Try to picture it: a transgender unicyclist, covered from face to foot with Māori-style tattoos and piercings, riding down Main Street in a sequined pink tutu and lots of silver and gold bling. Not so long ago, such a novel scene would have definitely been noticed with disdain. Today, I’m not so sure it would even be a reason for a double take.
Utahns are learning that the world is a sharing arrangement and that nobody can afford to take a hard stand over the meaningless distinctions between the great “washed” and “unwashed.”
Slowly evolving from the one-religion theocracy of Brigham Young’s dreams, Utah has evolved into a melting pot of people and cultures. Along with that, there’s been a maturation process in the attitudes of the populace and more acceptance of a healthy diversity.
When I was a kid, my mother regarded the ear-piercings of Hispanic toddlers to be some kind of a sin. After all, defiling the body with artwork was generally frowned-upon by most Christian churches. I was told that tattoos were a desecration of the body, and that if God had intended for us to wear them, we would have departed the womb with a full-body mural.
Now we’re discovering that tattooing and decorative piercings are deeply rooted in multiple cultures of our world; they’re merely echoes of other countries and regions in which such embellishments were, and are, a sign of status and ancient tradition.
The same goes for the two men, walking down a sidewalk holding hands. While some may still see it as an affront to their views of a correct society, those scenes are no longer a rarity. We’re starting to understand that no two people are the same, and that we must both acknowledge and respect everyone.
Ever since Brigham Young’s days of ‘47, Utahns have been criticized for not being a more diversity-welcoming people. During those years, cross-dressers, LGBTQ, Hispanics, Native Americans and, yes, Democrats were treated differently. And, why not? Back when there were so few exceptions to the homogenous makeup of the state, the few “odd balls" were forced to look for ways to pierce the inner circle and find acceptance in an unusually cohesive collection of vanilla people.
In a sense, Utah has been a super-clique of the like-minded, largely excluding the value of anyone who wasn’t interested in Mormonism. The church’s missionary efforts really said it all—if someone was “honest in heart,” they would surely embrace the LDS faith.
That attitude, if not actually doctrine, sums up the historical value of a “gentile”—absolutely zero if they won’t listen and convert. Simply stated, the “honest in heart” definition voiced by multiple Mormon leaders, was a condemnation of anyone who wouldn’t join.
Such arrogance! To say, in essence, that a person isn’t really “honest” if they won’t join the “only true church.”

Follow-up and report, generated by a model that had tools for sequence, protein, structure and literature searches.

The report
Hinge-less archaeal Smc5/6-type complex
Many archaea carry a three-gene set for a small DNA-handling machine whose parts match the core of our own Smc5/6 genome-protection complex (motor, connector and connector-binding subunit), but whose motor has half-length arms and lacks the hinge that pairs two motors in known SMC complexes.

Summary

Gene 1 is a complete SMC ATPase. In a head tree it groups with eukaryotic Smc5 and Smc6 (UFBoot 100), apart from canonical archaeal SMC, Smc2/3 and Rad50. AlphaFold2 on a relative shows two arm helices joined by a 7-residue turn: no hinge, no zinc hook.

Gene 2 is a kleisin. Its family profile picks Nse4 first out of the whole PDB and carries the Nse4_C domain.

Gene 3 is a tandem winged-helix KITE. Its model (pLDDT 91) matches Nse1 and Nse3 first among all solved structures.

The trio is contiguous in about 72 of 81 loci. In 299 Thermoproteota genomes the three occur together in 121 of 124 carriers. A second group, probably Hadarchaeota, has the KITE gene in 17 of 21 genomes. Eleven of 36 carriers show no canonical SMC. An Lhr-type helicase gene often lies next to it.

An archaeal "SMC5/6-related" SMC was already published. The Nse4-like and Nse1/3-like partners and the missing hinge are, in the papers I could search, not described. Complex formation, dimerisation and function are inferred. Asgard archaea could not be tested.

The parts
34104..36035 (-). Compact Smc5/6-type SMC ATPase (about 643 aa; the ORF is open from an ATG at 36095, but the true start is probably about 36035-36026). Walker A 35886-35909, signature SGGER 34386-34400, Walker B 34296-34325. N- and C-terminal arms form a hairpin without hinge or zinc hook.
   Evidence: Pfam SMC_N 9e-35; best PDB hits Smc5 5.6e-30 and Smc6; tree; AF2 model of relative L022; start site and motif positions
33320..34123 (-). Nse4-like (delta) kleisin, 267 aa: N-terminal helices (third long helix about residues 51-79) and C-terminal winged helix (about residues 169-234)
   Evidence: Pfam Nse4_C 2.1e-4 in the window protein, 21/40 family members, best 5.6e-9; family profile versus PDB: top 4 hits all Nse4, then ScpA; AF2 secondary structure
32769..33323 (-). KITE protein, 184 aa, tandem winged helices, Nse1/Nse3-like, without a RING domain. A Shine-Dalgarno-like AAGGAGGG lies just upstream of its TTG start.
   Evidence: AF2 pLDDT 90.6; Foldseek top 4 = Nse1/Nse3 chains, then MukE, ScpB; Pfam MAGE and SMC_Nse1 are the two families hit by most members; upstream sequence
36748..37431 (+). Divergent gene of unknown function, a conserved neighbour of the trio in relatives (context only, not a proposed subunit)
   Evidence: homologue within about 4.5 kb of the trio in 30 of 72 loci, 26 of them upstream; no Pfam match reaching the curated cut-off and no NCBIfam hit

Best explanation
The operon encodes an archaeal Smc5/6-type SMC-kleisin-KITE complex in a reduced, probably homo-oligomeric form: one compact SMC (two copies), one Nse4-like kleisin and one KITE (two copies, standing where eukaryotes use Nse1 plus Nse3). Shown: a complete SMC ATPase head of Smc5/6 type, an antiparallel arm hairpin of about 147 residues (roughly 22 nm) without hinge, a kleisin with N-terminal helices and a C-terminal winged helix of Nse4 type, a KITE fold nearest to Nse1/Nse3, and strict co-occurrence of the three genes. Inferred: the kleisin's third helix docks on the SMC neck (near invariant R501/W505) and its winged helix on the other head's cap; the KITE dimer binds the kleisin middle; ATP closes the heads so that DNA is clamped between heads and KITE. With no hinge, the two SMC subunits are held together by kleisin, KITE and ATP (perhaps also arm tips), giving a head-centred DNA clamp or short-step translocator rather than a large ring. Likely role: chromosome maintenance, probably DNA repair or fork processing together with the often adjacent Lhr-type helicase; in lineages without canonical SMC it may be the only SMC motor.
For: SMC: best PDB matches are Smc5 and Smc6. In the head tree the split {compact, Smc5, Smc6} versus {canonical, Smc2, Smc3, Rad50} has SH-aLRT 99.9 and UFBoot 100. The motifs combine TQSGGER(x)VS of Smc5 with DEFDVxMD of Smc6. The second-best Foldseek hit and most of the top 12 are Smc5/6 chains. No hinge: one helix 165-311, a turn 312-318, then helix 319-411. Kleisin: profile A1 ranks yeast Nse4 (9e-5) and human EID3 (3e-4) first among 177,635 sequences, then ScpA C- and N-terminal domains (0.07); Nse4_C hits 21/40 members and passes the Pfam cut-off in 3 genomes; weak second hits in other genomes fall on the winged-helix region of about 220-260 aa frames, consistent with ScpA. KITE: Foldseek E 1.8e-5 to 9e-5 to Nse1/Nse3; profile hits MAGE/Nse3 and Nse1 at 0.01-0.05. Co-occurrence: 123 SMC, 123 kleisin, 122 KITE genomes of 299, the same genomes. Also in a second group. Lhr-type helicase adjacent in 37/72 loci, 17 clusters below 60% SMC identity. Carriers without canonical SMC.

That philosophy has been a culprit in keeping Utahns from an attitude of acceptance and has stood in the way of progress. Today they’re all faced with the realities of a very diverse world.
I, myself, was a transplant from the East, and arrival in Utah was a shock. Everyone was LDS—except for the others who weren’t.
It was strange to be in a place so thoroughly dominated by a single religion. And yet, I didn’t fret about it. My focus was on the magnificent mountains and Utah’s fabulous backcountry. Though I was determined to climb every peak, and ski as often as my skimpy odd-job earnings would allow, it was always a challenge to come up with the $5 for an all-day pass at Alta. (Yup, you read it right … and a half-day pass was $3.50.)
I’ve never gotten over my love for our easily accessible wilderness areas, a handful of charming alpine lakes, trails that seem to go on forever, and the stunning infrequency of fences. In most parts of our country, hikers are forced to deal with myriad rights-of-way. We’re really lucky—hiking and climbing all day without a fence standing in our way.
As for the unhealthy concentration of the like-minded religious, that has been changing, slowly, because of a marked dilution of Utah’s LDS population. More and more areas are creeping toward being only 50% to 60% LDS, so Utahns have been scrambling to put away yesterday’s prejudices and see a more inclusive and embracing state.
While there’s no question about the church’s continuing influence on politics and public policy, the large metropolitan areas have become far more cosmopolitan—to the point that necessity has mandated a more balanced way of looking at outsiders. After being in the near-100% group for so long, a closer to 50/50 split isn’t any place for smug exclusivity.
As Utah’s population continues to be diluted by other transplants, Utahns will continue in their education, finding that there are other people in their world and that it’s not about the good guys and the bad guys.
When diversity is not only accepted, but appreciated, Utah will be a healthier state. The inevitable changes in Utah’s demographics are going to force a different mindset on those who believed that the state was to be an exclusive sanctuary for the Mormons.
In a few years, no one will even look twice at the unicyclist in the sequined pink tutu. Though slow in coming, Utah is becoming a more-inclusive state for all, making it a more desirable place for outsiders to establish new roots and pursue the still-alive American Dream.
The author is a retired businessman, novelist, columnist and former Vietnam-era Army assistant public information officer. He resides in Riverton with his wife, Carol, and the beloved ashes of their mongrel dog. email@example.com